Losing a Child to Suicide
Knowing what I know now: How we can help others from taking their lives
Losing a child to suicide, is beyond devastating; it challenges you to the very core. All you had thought to be true is thrown into disarray. Pain and emptiness are your constant companions. The overarching emotions are deep, deep sadness and total bewilderment. Why? How could this have happened? Self-recrimination runs deep. What if… If only… I should have…
Stigma continues to shroud youth mental health and suicide. People in need of help are afraid to admit having suicidal thoughts and will avoid seeking help because of the judgement of others.
If the adults around young people have stigmatised views on mental health, and display fear of it, this can reflect negatively onto the young person and make it more likely that they will pick up on and believe these views. Vital conversations don’t happen between friends, in families, or broadly in a community, for fear of what people may say.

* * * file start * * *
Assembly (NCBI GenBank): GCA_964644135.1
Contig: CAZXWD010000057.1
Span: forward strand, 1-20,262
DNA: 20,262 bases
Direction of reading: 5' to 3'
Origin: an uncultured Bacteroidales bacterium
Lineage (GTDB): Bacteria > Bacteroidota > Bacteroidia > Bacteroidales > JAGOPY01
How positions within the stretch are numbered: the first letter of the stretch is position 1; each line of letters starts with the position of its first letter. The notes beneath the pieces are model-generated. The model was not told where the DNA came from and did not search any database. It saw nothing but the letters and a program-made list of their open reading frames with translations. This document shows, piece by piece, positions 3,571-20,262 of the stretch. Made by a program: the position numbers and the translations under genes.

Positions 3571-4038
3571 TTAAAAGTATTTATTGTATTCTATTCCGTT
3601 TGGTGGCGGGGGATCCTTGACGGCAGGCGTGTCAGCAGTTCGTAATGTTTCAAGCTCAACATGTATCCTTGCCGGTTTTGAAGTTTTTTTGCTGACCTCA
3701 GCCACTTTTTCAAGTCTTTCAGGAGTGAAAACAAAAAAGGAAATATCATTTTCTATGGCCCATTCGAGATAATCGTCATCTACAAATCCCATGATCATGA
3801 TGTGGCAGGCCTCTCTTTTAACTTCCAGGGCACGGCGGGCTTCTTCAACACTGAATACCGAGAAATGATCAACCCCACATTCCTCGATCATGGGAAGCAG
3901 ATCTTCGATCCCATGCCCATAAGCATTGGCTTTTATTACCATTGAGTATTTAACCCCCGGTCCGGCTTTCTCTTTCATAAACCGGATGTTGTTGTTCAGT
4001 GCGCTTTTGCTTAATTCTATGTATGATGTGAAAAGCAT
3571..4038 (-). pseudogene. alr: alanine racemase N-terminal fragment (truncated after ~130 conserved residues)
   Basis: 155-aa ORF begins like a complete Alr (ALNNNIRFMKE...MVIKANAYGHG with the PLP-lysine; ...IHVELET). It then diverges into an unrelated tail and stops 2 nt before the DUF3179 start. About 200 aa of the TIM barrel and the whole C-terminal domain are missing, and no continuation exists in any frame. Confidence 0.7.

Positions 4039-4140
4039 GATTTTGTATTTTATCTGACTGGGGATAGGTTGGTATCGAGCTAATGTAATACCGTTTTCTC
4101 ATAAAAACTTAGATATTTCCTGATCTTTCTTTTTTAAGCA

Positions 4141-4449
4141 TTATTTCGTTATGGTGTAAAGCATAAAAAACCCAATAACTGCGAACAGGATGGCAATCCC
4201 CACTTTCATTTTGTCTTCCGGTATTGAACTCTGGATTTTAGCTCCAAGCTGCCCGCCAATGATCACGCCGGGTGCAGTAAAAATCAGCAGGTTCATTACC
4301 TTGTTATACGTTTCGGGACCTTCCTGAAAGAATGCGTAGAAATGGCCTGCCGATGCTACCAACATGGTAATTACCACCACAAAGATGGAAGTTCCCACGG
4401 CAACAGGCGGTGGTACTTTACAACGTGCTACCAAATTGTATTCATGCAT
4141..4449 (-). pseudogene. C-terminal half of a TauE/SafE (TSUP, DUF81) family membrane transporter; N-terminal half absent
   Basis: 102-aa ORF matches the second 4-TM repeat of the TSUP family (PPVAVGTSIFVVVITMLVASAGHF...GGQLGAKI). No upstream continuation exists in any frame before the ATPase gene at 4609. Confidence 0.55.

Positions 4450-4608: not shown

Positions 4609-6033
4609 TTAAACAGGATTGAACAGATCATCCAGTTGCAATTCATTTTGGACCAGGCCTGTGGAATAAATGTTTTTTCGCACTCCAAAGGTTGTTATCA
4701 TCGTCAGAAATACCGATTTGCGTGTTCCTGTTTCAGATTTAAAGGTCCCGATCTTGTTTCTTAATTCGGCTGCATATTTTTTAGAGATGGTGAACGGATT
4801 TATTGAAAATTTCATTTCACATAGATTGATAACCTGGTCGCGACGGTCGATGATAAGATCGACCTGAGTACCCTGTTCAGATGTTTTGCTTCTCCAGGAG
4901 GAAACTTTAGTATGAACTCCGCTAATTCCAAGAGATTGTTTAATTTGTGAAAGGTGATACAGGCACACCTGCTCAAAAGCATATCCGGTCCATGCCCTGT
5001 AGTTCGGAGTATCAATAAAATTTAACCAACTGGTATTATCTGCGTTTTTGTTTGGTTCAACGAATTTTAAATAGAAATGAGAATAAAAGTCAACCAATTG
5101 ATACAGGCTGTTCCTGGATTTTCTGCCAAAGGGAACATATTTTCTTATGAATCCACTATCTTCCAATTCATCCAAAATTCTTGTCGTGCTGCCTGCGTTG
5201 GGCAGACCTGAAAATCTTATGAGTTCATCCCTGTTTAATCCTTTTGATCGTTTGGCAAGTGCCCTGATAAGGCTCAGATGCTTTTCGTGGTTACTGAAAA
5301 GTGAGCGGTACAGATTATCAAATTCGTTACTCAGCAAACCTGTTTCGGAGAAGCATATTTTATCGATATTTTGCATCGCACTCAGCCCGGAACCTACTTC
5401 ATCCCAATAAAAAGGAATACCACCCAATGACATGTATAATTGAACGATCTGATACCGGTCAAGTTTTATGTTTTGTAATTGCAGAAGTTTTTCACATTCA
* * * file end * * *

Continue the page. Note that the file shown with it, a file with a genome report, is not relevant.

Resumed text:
Knowing what I know now, some factors could be critical to preventing other young people from taking their lives.
Equal status for mental and physical health
We all have physical and mental health and it is important to give them the same status and attention. Mental health issues are present in nearly all families, as are physical health issues. I understood about physical health and how to look after oneself and one’s family. My understanding of mental health was nothing in comparison.
Be open to talking about mental health as we do physical health.
If we all took it upon ourselves to treat mental and physical health equally, it would be the norm to have every day conversations that ask about feelings and emotions and check in on mood, in the same way we ask someone we care for how they’re doing after a spell of sickness or a medical procedure.
Just like physical ill health, it is possible to recover from mental ill health, and a person’s suffering can be managed towards a new healthy life, starting to live the life they want.
We should all know more about mental health issues and their prevalence